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Gov. Lawrence J. Hogan Jr. (R) traveled to Virginia Beach on Friday for the annual meeting of the Chesapeake Executive Council, a regional policymaking body consisting of the governors of the six Bay watershed states, the mayor of the District of Columbia, the chair of the Chesapeake Bay Commission and the administrator of the U.S. Environmental Protection Agency.
During the meeting, at the Chesapeake Bay Foundation’s Brock Environmental Center, Hogan, Virginia Gov. Ralph S. Northam (D) and other leaders signed a “Collective Action for Climate Change” directive that commits the states and federal government to utilize scientific, modeling, monitoring and planning capabilities to prioritize the communities, working lands and habitats that are most vulnerable to the risks that climate change is bringing to the region. The pact specifically commits the parties to helping marginalized communities by providing them with resources to adapt to climate change and mitigate the impact, with a particular focus on wetlands, tree canopies and environmental literacy.
“The Climate Directive we are signing today is the latest example of why this partnership is so important,” said David L. Bulova, a Democratic member of the Virginia House of Delegates who is chair of the Chesapeake Bay Commission, which consists of lawmakers from Maryland, Virginia and Pennsylvania. “Collective action allows us to apply the best science possible so that we can understand and mitigate the impacts of a changing climate and prioritize resources toward our most vulnerable communities. We need to do to this if we want a more resilient landscape and watershed.”
But even though his organization served as host for the meeting, William C. Baker, president of the Chesapeake Bay Foundation, said the document the stakeholders signed amounted to “taking small steps at a time when bold action is needed.” Baker was especially critical because he said the other parties are not holding Pennsylvania accountable for failing to meet Chesapeake Bay pollution reduction goals that each state agreed to as part of a national directive several years ago.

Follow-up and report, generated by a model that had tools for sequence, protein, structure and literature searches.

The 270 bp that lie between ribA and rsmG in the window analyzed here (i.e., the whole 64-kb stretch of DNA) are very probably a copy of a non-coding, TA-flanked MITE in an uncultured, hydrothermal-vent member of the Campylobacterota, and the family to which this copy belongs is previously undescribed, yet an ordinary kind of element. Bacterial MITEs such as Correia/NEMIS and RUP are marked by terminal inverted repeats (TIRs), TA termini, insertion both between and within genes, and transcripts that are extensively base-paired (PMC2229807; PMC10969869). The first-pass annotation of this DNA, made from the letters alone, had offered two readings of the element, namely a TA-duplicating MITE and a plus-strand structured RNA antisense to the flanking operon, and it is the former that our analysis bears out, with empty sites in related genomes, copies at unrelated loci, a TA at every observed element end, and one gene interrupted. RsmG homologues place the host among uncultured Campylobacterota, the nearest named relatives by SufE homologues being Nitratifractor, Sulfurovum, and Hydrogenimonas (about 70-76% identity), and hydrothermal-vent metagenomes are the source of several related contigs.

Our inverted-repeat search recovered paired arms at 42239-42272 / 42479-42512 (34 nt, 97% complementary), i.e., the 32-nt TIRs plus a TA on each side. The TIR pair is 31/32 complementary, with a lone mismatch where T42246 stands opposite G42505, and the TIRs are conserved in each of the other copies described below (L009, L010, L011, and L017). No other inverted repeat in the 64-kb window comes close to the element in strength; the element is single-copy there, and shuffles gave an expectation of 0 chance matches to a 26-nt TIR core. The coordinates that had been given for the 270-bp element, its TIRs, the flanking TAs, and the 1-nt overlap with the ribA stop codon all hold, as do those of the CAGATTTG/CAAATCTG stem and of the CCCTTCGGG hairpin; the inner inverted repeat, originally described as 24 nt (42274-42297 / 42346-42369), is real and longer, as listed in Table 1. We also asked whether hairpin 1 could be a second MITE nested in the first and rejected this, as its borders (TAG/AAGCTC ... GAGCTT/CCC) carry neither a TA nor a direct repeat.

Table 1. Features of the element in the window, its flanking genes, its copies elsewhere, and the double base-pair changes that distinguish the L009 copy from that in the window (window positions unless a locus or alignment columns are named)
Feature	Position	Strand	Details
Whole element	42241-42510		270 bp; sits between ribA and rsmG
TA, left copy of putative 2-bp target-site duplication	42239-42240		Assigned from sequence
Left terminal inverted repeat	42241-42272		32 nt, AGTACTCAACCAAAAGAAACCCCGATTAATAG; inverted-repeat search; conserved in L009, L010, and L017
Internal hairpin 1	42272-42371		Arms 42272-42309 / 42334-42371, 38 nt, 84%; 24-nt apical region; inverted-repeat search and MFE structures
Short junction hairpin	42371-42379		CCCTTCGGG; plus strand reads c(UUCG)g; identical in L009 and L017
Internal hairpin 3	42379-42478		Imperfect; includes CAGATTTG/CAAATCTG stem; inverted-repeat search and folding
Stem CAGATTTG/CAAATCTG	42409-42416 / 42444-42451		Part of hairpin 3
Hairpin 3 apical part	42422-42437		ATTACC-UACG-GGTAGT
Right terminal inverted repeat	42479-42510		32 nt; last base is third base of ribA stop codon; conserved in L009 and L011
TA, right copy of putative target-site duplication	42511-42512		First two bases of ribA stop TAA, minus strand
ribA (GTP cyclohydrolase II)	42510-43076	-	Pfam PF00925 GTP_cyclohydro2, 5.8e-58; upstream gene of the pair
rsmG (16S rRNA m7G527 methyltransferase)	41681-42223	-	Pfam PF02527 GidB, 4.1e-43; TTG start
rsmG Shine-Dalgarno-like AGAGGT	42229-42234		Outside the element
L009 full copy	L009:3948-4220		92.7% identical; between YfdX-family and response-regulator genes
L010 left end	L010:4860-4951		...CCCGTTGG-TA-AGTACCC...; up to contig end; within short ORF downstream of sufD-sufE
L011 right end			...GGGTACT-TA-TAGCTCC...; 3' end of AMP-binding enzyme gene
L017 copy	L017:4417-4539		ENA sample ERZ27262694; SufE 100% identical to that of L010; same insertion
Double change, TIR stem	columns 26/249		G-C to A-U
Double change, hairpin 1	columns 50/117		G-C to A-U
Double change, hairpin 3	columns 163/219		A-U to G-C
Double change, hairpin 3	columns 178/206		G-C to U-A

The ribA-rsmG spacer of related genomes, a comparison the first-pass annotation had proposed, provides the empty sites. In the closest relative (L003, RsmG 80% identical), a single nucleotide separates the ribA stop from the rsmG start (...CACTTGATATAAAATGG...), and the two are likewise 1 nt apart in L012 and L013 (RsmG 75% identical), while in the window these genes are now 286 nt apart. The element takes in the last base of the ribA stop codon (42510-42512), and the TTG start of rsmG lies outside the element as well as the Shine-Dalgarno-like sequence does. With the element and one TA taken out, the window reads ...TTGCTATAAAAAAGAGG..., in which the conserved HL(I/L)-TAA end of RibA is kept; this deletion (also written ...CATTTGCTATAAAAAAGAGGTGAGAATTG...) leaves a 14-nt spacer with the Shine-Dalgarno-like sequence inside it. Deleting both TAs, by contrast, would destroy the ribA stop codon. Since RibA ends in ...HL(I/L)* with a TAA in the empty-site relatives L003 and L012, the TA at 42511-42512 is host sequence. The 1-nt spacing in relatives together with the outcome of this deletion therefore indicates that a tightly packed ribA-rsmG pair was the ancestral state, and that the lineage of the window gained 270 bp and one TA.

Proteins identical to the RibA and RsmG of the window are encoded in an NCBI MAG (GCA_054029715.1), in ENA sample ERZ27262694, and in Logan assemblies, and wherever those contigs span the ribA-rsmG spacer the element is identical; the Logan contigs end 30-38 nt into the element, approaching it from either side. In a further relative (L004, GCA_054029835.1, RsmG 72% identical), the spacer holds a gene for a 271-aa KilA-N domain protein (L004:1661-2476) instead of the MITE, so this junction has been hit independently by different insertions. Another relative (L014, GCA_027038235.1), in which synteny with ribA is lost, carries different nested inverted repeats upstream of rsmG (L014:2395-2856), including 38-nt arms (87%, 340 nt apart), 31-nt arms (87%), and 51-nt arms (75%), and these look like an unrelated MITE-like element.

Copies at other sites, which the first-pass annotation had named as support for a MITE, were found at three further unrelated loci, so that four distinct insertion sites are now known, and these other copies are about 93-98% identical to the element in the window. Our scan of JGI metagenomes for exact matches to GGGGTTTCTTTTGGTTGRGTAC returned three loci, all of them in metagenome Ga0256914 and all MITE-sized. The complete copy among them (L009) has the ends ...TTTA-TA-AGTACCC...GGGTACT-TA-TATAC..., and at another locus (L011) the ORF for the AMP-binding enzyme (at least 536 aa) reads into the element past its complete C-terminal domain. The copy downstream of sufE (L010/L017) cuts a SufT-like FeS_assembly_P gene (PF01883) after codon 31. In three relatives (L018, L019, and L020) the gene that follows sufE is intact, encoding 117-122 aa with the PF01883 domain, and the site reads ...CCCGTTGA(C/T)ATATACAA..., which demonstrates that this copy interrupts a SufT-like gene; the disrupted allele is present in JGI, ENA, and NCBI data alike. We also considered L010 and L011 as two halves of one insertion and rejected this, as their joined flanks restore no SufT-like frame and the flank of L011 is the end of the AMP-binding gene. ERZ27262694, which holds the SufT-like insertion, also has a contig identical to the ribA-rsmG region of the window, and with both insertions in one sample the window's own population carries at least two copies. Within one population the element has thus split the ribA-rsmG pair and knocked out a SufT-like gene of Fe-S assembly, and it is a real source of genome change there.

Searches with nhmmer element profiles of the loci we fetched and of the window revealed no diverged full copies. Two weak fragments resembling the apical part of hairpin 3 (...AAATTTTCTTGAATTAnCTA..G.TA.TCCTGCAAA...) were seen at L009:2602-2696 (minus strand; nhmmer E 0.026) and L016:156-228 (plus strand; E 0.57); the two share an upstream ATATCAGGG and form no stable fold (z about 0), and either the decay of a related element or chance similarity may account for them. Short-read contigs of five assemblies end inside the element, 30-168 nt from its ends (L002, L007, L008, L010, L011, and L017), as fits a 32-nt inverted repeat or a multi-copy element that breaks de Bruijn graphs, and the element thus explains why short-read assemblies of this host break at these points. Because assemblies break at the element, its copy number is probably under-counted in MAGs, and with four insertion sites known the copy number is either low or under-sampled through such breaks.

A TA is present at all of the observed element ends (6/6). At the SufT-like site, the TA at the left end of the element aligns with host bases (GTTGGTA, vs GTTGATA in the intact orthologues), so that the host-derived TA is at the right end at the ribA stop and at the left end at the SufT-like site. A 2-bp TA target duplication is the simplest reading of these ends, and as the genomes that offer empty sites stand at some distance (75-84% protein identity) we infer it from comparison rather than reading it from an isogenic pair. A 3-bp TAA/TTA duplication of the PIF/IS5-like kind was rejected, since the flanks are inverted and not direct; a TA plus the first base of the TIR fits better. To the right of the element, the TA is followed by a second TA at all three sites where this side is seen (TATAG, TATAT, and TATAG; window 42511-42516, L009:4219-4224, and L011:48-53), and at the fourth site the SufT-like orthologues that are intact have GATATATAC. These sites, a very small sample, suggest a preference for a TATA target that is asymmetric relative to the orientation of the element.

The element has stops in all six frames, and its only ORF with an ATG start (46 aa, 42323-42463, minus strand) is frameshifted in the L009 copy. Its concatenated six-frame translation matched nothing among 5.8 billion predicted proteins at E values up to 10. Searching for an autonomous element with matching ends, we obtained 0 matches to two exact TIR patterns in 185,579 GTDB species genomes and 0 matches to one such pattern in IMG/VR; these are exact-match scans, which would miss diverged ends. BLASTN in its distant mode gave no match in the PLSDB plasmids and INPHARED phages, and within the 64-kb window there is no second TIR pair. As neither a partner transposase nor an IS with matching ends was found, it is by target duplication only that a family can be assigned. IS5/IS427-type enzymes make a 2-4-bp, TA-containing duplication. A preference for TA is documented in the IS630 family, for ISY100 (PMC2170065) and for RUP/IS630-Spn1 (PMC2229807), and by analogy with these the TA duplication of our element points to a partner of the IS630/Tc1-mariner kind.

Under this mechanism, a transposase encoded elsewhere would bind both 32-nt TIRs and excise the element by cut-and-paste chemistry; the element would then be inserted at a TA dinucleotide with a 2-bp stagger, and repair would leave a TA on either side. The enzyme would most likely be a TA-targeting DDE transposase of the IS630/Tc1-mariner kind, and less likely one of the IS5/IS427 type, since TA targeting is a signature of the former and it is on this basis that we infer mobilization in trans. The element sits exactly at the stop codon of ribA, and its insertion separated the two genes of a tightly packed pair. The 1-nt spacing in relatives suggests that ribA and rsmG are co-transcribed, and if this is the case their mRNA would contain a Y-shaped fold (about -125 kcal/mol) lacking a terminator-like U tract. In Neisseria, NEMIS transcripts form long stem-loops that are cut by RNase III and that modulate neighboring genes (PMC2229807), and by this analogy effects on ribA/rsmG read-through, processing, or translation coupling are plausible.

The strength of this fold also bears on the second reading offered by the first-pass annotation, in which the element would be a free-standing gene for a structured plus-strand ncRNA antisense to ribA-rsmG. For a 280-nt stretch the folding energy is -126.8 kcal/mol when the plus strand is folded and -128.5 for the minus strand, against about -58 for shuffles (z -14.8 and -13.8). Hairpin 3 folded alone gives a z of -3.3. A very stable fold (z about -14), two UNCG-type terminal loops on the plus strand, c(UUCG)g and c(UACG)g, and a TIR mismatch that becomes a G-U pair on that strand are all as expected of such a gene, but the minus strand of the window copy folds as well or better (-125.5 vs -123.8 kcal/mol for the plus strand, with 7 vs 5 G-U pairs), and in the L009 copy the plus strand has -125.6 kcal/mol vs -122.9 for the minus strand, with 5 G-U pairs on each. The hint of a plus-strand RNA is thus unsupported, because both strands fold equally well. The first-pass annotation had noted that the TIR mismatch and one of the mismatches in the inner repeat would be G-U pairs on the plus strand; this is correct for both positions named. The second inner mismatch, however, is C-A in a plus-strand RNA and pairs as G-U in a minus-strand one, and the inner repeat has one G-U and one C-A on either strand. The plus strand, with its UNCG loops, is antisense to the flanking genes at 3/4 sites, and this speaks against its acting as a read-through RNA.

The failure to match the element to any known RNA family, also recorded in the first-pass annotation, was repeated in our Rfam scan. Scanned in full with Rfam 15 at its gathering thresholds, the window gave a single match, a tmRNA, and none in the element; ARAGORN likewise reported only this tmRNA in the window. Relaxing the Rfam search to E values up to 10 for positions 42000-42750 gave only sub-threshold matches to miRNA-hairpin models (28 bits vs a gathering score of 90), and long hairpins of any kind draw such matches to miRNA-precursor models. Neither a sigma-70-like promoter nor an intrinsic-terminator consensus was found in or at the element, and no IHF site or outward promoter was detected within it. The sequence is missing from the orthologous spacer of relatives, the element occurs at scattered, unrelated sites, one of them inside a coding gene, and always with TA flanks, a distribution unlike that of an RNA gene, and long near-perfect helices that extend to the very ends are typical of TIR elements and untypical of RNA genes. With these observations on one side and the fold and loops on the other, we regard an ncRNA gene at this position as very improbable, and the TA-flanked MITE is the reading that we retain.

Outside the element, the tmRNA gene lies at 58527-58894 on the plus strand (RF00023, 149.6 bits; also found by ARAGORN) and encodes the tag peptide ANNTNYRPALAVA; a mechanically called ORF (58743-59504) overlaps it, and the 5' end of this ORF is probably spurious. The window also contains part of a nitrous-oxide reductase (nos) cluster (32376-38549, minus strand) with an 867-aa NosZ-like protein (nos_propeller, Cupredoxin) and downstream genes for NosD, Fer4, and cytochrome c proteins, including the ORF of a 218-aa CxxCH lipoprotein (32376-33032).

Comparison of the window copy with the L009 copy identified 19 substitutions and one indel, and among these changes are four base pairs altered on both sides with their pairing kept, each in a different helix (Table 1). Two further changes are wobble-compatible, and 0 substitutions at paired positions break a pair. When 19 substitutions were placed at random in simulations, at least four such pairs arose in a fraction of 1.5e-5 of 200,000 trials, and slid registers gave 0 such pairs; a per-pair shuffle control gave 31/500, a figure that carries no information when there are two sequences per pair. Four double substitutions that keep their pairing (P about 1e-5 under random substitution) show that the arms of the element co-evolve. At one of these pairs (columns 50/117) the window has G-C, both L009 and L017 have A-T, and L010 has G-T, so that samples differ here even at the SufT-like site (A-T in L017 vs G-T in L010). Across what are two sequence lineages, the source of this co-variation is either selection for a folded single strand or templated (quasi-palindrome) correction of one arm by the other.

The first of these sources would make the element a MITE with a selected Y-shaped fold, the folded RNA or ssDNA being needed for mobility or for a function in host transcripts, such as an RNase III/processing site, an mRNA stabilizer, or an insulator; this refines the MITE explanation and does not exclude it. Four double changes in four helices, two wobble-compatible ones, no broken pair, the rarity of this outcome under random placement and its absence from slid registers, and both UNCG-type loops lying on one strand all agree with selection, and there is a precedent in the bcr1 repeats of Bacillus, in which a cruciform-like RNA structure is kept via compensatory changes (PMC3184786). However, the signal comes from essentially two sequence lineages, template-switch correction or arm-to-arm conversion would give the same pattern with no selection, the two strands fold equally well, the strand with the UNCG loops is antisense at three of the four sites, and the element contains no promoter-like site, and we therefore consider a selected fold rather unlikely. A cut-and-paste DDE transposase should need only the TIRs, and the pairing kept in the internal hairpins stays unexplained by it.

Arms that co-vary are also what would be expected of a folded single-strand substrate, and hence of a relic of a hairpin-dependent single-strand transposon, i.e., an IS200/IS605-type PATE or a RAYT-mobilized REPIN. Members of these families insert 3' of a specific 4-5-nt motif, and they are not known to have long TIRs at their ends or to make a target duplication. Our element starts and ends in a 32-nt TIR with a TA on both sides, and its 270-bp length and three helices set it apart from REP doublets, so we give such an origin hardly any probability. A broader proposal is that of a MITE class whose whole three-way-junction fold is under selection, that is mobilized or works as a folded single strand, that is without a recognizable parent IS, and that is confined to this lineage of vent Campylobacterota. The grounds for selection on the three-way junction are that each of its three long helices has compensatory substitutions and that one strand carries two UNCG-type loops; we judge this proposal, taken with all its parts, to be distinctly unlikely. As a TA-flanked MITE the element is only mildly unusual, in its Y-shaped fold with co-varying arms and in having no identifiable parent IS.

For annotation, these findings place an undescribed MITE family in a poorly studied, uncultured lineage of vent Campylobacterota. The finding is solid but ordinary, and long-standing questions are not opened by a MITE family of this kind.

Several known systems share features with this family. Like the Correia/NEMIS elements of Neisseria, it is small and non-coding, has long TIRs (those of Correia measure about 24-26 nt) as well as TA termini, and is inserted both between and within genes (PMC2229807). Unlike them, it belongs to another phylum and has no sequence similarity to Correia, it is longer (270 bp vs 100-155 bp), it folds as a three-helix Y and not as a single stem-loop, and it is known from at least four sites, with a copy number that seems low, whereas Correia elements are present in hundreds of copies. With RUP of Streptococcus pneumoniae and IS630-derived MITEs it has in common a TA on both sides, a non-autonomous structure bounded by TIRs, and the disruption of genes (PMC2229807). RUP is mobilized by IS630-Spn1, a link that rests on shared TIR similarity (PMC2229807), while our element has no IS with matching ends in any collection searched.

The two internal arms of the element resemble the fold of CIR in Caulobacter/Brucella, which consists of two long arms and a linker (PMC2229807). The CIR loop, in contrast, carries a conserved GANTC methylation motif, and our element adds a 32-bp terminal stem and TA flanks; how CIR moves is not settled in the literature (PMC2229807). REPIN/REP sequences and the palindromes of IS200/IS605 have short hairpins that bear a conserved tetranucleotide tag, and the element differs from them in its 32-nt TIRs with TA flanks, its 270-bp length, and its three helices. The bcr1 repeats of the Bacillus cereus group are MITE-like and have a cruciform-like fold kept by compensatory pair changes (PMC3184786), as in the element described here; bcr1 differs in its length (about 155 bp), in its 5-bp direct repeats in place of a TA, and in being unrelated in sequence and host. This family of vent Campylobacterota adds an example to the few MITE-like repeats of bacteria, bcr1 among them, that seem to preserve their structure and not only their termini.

“For Bay restoration to succeed, each of the jurisdictions must meet their promised pollution reductions,” he said in a statement. “EPA agreed to hold them accountable if they slip. Once again, the Council ignored the failure of Pennsylvania to meet its commitments. Worse yet, EPA failed to hold the Commonwealth accountable, even as CBF, its partners, and the Attorneys General of Delaware, Maryland, the District of Columbia, and Virginia are suing EPA in federal court to do just that. If the Council and EPA refuse to exert leadership, Bay restoration efforts are doomed to fail.”
On the same day Hogan went to Virginia Beach to sign the climate change initiative, he also wrote to House Speaker Adrienne A. Jones (D-Baltimore County) and Senate President Bill Ferguson (D-Baltimore City) outlining his goals for environmental legislation he’d like to see enacted in the 2022 General Assembly session.
“We are leading the way when it comes to safeguarding our environment, but there is more work to be done that requires legislative action,” Hogan wrote.
In the letter, the governor said his four top legislative priorities are:
- Passing a bill that got through the Senate this year but did not make it out of the House that would have created a public-private financing mechanism for certain conservation measures.
- Passing his legislation, the Clean and Renewable Energy Standard, which lawmakers have largely ignored over the past two legislative sessions.
- Removing funding restrictions in Maryland law that Hogan said limit the ability of the state to expand land conservation programs and create more public recreation spaces.
- Following through on recommendations from Hogan’s Renewable Energy Development and Siting task force on where to place large renewable energy installations in the state.
“Our administration looks forward to working with you and your colleagues to continue our progress on growing our green economy, restoring the Chesapeake Bay, and addressing climate change,” Hogan concluded in his letter to the legislature’s presiding officers. “These concerns are too important to lose this opportunity to act now.”
To see more stories from our “Climate Calling” project, click here.